Homilies

17th Sunday in Ordinary Time
Genesis 18:20-32; Colossians 2:12-14; Gospel Luke 11:1-13
Prayer – How, Attitude & Quality

Preached by Msgr Philip Heng, SJ at St Joseph's Church, Victoria Street – Singapore
on 24 July 2016

In yesterday’s front page of “The Straits Times” there was a big picture of a long L-shaped queue in a hawker centre.  The article was entitled, “Star Attraction.”  This article was on how the hawker stall owners of the Hill Street Tai Hwa Pork Noodle and the Crawford Lane Teochew-style pork-and-vinegar noodles have each won a Michelin star award, from the international Michelin Guide team on food. 

As a result, Mr Chan, the pork noodle stall award winner owner said that he had to open his stall at around 9.15 am instead of the usual 10.00 am.  The first customer came at 8.50 am /and by 1.10 pm, the queue had grown to some 50 people.  Many customers had to wait for more than an hour for their food. 

If we reflect on this social behaviour, we could also say that in many ways such longing for the taste of good food and the willingness to queue for more than an hour just for the food, does remind us of how we as human beings have great desires to experience the quality of things in life.  In other words, the desire to experience quality food in many ways also reveal how as human beings we naturally desire for a quality of life that has deeper relationships, better quality time with our family, greater challenges at work, more refreshing vacations, and a more fulfilling relationship with God in our spiritual life.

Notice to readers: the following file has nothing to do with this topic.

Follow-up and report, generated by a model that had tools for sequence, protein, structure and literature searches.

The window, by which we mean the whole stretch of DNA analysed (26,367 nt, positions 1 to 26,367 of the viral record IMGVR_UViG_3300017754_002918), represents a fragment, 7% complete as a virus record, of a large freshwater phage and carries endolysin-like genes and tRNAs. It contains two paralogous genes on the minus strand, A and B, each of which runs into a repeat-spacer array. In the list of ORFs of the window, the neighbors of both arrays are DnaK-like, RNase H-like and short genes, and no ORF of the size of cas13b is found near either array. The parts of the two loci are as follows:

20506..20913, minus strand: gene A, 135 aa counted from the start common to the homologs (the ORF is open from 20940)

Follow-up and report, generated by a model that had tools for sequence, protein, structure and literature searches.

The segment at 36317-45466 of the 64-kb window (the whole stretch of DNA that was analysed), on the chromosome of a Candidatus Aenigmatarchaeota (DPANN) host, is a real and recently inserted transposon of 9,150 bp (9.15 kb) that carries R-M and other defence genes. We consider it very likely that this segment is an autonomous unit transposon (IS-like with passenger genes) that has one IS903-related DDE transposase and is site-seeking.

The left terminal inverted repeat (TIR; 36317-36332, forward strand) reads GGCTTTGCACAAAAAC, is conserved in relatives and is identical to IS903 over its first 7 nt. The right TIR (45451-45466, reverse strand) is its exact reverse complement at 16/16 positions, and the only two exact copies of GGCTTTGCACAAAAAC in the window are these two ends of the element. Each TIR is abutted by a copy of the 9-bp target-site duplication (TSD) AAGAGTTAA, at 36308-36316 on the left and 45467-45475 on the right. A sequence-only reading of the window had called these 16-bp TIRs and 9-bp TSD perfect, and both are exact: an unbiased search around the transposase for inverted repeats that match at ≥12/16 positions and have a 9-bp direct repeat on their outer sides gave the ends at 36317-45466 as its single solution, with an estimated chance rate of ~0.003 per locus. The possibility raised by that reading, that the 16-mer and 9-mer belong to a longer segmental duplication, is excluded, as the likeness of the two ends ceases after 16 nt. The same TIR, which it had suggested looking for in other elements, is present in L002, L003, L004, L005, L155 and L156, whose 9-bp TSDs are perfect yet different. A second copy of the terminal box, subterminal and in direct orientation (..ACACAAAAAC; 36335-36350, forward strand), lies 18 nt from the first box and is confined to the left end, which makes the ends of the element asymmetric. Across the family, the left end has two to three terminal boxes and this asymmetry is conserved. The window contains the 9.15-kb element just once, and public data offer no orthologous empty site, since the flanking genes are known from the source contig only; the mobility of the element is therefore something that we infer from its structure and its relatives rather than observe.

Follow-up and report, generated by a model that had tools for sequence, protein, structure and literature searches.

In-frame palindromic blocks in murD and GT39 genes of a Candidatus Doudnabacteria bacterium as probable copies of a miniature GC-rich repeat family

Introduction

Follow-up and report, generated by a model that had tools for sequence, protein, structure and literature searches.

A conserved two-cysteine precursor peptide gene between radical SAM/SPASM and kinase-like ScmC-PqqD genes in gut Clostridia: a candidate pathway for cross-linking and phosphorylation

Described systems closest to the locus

While I have no doubts that these Michelin rated food are of great taste, I was never attracted to them because first, these food were far too expensive.  But, even as they have now brought Michelin quality food to the affordable level of hawker centres, I would still not be willing to go out of my way to look for them, let alone queue for an hour for them.  Many people may say, “Fr Heng, you are so boring”!  Well, if that is what it is to be boring, then, so be it because my reason is simple: each of us have different priorities in my life.